When I watched my 17-year-old son Jonathan set off on only his third driving lesson, oozing confidence as only a 17 year old can, I had mixed feelings.
“You youngsters don’t know how lucky you are” clashed with “It was far better in our day”.
Teenagers everywhere hear these phrases endlessly from their parents, but for a farmer’s son just tiptoeing out into the modern world of motoring, they are both equally true.
Charlie Flindt is a tenant of the National Trust, farming 380ha in Hampshire
Almost 40 years ago, when I started my first lesson, I’d been driving for years. Like most farming children, I was in a tractor as soon as my feet could reach pedals.
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You could thunder around Hampshire’s country lanes in a Super Major/Weekes 3t trailer combo in full confidence there would be no other traffic, no trophy wives in massive 4x4s (“sticks in boxes”), and all the while learning the basics of clutch control, brakes, and spatial awareness. Too dangerous now.
Jonathan has “driven” a lot – on a video game – and even if he had been in a tractor, the controls are completely un-carlike.
If he sails through an early test, there’s the insurance. Once again, I was lucky: we had “blanket” farm insurance, which covered a lively Alfasud in Newcastle for three years.
“Fronting” is the name for it, and you can’t do it now. But insurance quotes for a 17-year-old often come out in the thousands.
The message is loud and clear: the insurance companies would rather he wasn’t driving. You can’t blame them – statistics don’t lie.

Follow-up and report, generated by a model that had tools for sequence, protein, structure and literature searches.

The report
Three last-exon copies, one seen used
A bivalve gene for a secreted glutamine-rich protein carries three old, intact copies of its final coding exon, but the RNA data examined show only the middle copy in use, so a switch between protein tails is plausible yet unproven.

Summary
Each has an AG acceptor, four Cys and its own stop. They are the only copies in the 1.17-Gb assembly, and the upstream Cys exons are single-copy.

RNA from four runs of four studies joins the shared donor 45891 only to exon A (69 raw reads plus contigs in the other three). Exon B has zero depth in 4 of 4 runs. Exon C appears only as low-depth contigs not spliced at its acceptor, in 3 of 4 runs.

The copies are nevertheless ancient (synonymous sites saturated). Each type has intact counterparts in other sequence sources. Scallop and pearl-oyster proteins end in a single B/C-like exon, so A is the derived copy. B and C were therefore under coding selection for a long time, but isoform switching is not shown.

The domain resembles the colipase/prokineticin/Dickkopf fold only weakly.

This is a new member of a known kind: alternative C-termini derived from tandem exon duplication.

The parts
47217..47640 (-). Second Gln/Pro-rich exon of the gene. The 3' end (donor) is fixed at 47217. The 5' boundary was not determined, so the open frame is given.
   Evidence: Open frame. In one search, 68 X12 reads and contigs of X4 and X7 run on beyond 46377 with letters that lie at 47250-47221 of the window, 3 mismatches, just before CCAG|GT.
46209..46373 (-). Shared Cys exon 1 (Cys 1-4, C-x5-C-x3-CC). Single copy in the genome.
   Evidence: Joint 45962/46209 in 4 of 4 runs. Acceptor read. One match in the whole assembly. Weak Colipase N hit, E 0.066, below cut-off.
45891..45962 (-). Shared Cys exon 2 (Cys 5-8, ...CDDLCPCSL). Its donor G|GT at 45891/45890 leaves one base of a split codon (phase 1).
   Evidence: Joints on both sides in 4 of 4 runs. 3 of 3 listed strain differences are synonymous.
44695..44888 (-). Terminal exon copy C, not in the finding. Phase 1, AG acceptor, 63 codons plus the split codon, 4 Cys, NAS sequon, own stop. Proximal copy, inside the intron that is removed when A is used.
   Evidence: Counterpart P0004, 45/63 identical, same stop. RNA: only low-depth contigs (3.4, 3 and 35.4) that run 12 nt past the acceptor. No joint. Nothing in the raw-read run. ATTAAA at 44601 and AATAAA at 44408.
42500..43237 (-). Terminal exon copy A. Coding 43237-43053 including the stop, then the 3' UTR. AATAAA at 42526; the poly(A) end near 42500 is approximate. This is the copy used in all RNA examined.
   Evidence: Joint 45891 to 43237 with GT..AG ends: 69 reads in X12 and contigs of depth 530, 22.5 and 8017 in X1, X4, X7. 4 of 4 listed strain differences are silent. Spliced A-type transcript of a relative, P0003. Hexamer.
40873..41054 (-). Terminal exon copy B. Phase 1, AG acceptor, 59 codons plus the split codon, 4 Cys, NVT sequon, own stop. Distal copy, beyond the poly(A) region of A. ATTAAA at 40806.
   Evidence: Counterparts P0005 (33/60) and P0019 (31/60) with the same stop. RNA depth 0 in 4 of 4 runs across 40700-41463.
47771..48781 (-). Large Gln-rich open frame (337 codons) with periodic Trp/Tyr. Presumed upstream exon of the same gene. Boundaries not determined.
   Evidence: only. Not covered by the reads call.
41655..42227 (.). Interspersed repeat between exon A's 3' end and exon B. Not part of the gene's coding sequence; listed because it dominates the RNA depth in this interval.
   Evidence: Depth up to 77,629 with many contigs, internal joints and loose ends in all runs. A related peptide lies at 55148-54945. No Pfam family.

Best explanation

Mind you, today’s youngsters are blessed when it comes to the cars themselves. A grand will get you a respectable runabout.
Ask Mum and Dad to contribute, and you can get something with proper airbags and better safety features. Rust is almost unheard of these days. Perfect bodyshells litter the scrapyards. Jonathan will never know the fun of bodywork repair with fibreglass patches, or trying to rustproof an underside with Tetroseal.
He’ll probably never learn DIY. Open a modern car’s bonnet, and more often than not, there’s another bonnet. Servicing your own car is becoming a lost art.
Filing and setting the points and plugs, replacing a fuel pump or tweaking a carburettor – all slightly difficult if you can’t find the damned engine.
Using a Gunson tuning strobe will soon be as rare as choosing a route using an atlas.
Perhaps the saddest loss is the actual driving. Take my local main road, the A272. In 1981, I would hurtle home after rugby training in Winchester, with a one-speed limit to worry about, and very few other cars.
Now, we play speed limit bingo, the road is clogged with speed-limited lorries and vans, and every other lay-by has a Speed Fine Harvester pointing a camera at you.
For those who enjoy the mechanics, the chemistry and the physics of making a machine go where you want it, the darkest days are looming: “driverless” electric cars are coming.
Externally controlled vehicles, constantly tracked by telematics, will mean that someone somewhere will know where you are, where you’ve been. And you’ll have had no fun on the journey.
But I don’t want to rain on Jonathan’s parade. I want to get him through the test, get him on the road (and into a tractor) and hope that he gets to enjoy the simple act of driving before it’s too late. Giving me a lift to the pub will be a coincidental bonus.